Immediate access to patients’ anatomical image data is key to successful endovascular interventions. However, the limitation associated with the angiographic suite is that controls to such image data are located in the control room, outside the operative space. We present a newly developed, wireless technology platform that enables physicians to control viewing and manipulation of images in the sterile operative space. The technology is enabled by a handheld, palm-sized device that tracks finger movements by employing electric-field–sensing techniques and translates such movements to drive image manipulation on the image viewer. The technology was tested in 15 consecutive cases, reporting clinical applicability and usability in controlling angiographic and computed tomography images in a variety of endovascular procedures. In particular, the technology improved workflow by minimizing the number of visits to the control room (episodes of scrubbing out) and procedural time, while reducing use of contrast agent and exposure to radiation in certain scenarios. These observations demonstrate the promise of a potential role for the technology to be used routinely in the endovascular suite.
Key words: touchless image navigation, human computer interaction, PACS, endovascular suite, workflow
Interventional specialists rely heavily on interacting with a multitude of imaging equipment, devices, and patient records in a variety of different procedures. However, the current process of acquiring and interpreting patient data for real-time decisions is cumbersome and disruptive. An example is intraprocedural access and manipulation of radiology images, which is routinely performed to confirm or refine a treatment plan in various procedures. To accomplish this, the operator may break scrub multiple times midprocedure and visit the workstation in the control room where a mouse and keyboard are available for interacting with the imagery. Alternatively, the operator may delegate the task to an assistant,1,2 but he or she may be unfamiliar with the patient’s anatomy and history or the operator’s internal decision-making process. For these reasons, there is increasing recognition for the need to address this aspect of clinical practice to strive toward an improvement in procedural workflow.3
Here, we present a newly developed, wireless technology platform that enables physicians to control viewing and manipulation of images in the sterile operative space. Additionally, we present a case series in which the technology was evaluated for clinical applicability in the endovascular suite for a variety of endovascular interventions.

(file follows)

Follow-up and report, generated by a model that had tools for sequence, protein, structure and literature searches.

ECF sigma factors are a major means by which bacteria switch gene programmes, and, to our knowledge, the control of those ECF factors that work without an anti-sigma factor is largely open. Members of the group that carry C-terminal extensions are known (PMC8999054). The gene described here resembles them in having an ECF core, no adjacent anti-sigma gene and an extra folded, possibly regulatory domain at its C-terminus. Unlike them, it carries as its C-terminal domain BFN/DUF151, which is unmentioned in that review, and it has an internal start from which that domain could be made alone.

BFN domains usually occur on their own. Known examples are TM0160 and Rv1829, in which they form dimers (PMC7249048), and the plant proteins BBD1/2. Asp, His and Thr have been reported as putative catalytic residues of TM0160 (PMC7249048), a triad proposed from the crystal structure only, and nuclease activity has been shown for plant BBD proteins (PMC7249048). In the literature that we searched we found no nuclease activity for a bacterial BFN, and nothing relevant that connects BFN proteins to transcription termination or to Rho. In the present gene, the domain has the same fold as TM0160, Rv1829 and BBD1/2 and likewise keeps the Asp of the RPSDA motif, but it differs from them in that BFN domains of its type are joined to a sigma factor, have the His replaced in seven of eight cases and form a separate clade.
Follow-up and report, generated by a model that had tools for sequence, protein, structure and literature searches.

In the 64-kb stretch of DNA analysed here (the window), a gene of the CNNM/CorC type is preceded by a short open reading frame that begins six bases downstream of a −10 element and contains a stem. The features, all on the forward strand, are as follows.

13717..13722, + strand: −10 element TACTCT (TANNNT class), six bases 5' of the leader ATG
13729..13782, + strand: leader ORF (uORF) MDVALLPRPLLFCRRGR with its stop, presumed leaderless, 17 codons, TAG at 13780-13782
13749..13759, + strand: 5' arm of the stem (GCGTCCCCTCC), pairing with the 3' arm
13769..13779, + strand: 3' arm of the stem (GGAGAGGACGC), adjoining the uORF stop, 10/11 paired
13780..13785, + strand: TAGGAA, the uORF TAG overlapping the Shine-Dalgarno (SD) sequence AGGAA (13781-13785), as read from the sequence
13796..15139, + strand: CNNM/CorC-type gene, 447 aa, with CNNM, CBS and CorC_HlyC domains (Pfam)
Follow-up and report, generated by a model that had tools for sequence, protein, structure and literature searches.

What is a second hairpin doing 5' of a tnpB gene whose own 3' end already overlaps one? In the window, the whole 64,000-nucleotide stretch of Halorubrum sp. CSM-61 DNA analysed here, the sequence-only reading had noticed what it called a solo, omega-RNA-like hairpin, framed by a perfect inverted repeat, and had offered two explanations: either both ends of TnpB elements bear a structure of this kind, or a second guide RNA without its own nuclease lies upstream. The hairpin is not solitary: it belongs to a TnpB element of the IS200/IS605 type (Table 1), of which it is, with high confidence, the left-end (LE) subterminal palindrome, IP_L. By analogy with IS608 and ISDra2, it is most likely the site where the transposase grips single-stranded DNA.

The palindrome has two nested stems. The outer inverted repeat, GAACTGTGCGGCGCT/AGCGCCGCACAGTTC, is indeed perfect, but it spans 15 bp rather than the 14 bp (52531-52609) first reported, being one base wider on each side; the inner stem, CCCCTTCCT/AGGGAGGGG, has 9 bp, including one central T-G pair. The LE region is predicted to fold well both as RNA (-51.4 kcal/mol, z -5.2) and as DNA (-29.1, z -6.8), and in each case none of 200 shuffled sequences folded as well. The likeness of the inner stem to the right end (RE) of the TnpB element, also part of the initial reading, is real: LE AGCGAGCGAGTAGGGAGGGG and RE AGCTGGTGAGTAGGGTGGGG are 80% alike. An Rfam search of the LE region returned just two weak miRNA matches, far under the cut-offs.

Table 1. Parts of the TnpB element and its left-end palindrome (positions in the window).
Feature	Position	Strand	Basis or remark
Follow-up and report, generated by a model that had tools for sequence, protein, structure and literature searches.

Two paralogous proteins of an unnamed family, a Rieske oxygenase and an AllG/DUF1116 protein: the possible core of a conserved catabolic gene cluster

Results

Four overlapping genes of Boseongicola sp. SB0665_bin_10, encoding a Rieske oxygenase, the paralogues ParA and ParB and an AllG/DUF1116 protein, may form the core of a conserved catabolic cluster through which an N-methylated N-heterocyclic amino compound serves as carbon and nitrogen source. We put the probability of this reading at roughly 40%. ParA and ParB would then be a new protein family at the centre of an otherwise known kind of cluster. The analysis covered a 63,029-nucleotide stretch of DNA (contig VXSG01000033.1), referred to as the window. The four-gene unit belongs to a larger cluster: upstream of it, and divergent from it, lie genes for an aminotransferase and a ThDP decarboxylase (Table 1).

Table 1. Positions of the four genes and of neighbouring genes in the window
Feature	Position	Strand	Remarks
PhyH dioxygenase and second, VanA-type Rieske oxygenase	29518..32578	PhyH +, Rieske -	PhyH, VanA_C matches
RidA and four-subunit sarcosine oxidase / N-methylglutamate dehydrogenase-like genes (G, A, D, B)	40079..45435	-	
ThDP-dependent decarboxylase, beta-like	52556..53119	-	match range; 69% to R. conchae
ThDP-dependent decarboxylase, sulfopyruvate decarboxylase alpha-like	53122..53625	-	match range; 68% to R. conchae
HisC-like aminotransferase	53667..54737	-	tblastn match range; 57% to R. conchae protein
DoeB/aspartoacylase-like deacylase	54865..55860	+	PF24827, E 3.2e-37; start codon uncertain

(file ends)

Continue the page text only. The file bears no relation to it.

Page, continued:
MATERIALS AND METHODS
The technology is a human-computer interface (HCI) platform that tracks finger movements by employing electric field sensing techniques and translates such movements to drive image manipulation on the image viewer. Functions are enabled by a remote-type controller, which is a handheld, wireless, palm-sized device with 4 distinct regions representing 4 commonly used image manipulating functions (scroll, magnify, pan, and window/level) (TIPSO AirPad, NZ Technologies Inc) (Figure 1). Tapping any of the 4 distinct regions on the device surface will activate that particular mode. A touchless, finger-twirling motion over the surface will subsequently control the manipulation of the images using that mode (eg, if in magnify mode, clockwise twirl will increase the magnification, while counter-clockwise twirl decreases the magnification). The device accomplishes these manipulations using built-in computer algorithms that process the captured motions of the fingers relative to these regions and transmit the signals wirelessly via a WiFi router to the USB dongle connected to the workstation. These signals, in turn, drive the corresponding functions that are otherwise activated by mouse/keyboard commands in the imaging software. High resolution tracking and latency-free signal processing allows the physician to activate the image control functions and view images on demand in a responsive and fluid manner.